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IGF Cancer Theory

KBD

KBD

I Look Good...
Sep 13, 2010
2,312
107
#1
Recombinant human insulin-like growth factor I (IGF-I): risks and benefits of normalizing blood IGF-I concentrations.Clark RG.

Tercica, Inc., San Francisco, CA 94080-7111, USA.

Recombinant human (rh) insulin-like growth factor I (IGF-I) is being developed as a therapy for short stature caused by IGF deficiency (IGFD) and also for diabetes mellitus. To complement the human efficacy and safety data, a large amount of information is available regarding the pharmacology and toxicology of rhIGF-I in animals. This review summarizes the risks and benefits of normalizing blood IGF-I concentrations in IGFD, especially with regard to carcinogenicity, and compares and contrasts safety data for rhIGF-I, recombinant human growth hormone (rhGH),and insulin. A major difference between rhIGF-I and rhGH is that rhIGF-I (like insulin) has hypoglycaemic activity, whereas rhGH opposes insulin action and is diabetogenic. In most of their actions, GH - growth hormone (somatropin) - and IGF-I are similar. IGF-I mediates most of the actions of GH, so the safety of rhGH and that of rhIGF-I also share many common features. In animals, the transgenic expression of human growth hormone - somatropin - has been shown to act directly, by activating the prolactin receptor, to increase the incidence of mammary and prostate tumours. In comparison, the over-expression of IGF-I in animals or the administration of rhIGF-I does not have a carcinogenic effect. In formal toxicology and carcinogenicity studies, rhIGF-I has similar effects to insulin in that it can increase food intake, body size, and the growth rate of existing tumours. In animals and humans, IGFD has many long-term detrimental effects besides short stature: it increases the risk of diabetes, cardiovascular disease, and low bone mineral density. Therefore, a case can be made for replacement therapy with rhIGF-I to normalize blood IGF-I levels and reverse the detrimental effects of IGFD. Copyright 2004 S. Karger AG, Basel.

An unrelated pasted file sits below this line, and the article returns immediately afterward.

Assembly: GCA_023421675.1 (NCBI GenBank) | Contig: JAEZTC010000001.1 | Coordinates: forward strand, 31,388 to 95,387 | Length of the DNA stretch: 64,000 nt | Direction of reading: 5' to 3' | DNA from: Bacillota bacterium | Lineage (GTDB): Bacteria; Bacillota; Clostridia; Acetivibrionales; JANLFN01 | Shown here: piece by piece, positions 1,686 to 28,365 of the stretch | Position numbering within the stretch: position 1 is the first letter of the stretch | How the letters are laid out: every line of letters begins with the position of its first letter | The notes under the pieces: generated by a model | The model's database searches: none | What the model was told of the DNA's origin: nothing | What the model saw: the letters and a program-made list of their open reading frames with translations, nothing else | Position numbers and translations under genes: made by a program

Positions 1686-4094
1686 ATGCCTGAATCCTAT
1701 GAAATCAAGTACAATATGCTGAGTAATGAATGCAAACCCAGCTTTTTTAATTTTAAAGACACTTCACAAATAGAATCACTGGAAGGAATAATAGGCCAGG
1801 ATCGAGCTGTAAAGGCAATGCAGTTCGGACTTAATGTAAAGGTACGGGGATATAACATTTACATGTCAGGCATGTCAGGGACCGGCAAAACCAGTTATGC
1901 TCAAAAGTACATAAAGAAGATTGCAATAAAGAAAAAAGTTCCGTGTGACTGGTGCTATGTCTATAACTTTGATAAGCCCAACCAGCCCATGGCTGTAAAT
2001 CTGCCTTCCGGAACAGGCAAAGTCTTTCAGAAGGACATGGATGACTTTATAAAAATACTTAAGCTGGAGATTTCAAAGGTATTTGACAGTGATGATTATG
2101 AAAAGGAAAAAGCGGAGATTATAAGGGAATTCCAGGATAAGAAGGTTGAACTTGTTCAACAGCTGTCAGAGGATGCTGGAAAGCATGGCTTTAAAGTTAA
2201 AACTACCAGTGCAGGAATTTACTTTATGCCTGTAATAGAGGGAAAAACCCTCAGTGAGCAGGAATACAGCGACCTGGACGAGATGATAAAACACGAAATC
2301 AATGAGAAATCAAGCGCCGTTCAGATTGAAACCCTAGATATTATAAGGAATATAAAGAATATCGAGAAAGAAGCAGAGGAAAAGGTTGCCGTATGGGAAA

Recombinant rat and mouse growth hormones: risk assessment of carcinogenic potential in 2-year bioassays in rats and mice.

Farris GM, Miller GK, Wollenberg GK, Molon-Noblot S, Chan C, Prahalada S.
Department of Safety Assessment, Merck Research Laboratories, West Point, PA 19486, USA.

Recombinant rat growth hormone (rrGH) and recombinant mouse growth hormone (rmGH) were developed to evaluate the potential carcinogenicity of each biologically active growth hormone (GH - growth hormone (somatropin) - ) as assessed in the respective species. Biological activities of rrGH and rmGH were demonstrated by showing an increase in body weight gain and serum levels of insulin-like growth factor-1 (IGF-1) in hypophysectomized rats receiving daily sc injections for 6 days. With the exception of pharmacologically mediated weight gain, rrGH and rmGH had no adverse effects in 5-week oral toxicity studies and no production of anti-recombinant GH antibodies. The high doses selected for the carcinogenicity studies provided systemic exposures of GH up to approximately 10-fold over basal levels. In the 105-week mouse carcinogenicity study, daily sc injections of rmGH at 0.1, 0.2, or 0.5 mg/kg/day were well tolerated and had no effects on survival or incidence of tumors. In the 106-week rat carcinogenicity study, daily sc injections of rrGH at 0.2, 0.4, or 0.8 mg/kg/day had a favorable effect on longevity in female rats administered 0.4 or 0.8 mg/kg/day, an increased weight gain in females and males, and no increase in the incidence of tumors. The absence of carcinogenic effects of recombinant GH administered daily for 2 years to rodents was consistent with publications of clinical experience, indicating a lack of convincing evidence for an increased risk of cancer in children receiving human recombinant GH replacement therapy.
 
barbellbeast

barbellbeast

MuscleHead
Oct 4, 2010
343
43
#2
So the study show IGF-1 is not a carcinogen, but does that mean it also doesn't multiply cells that are already cancerous?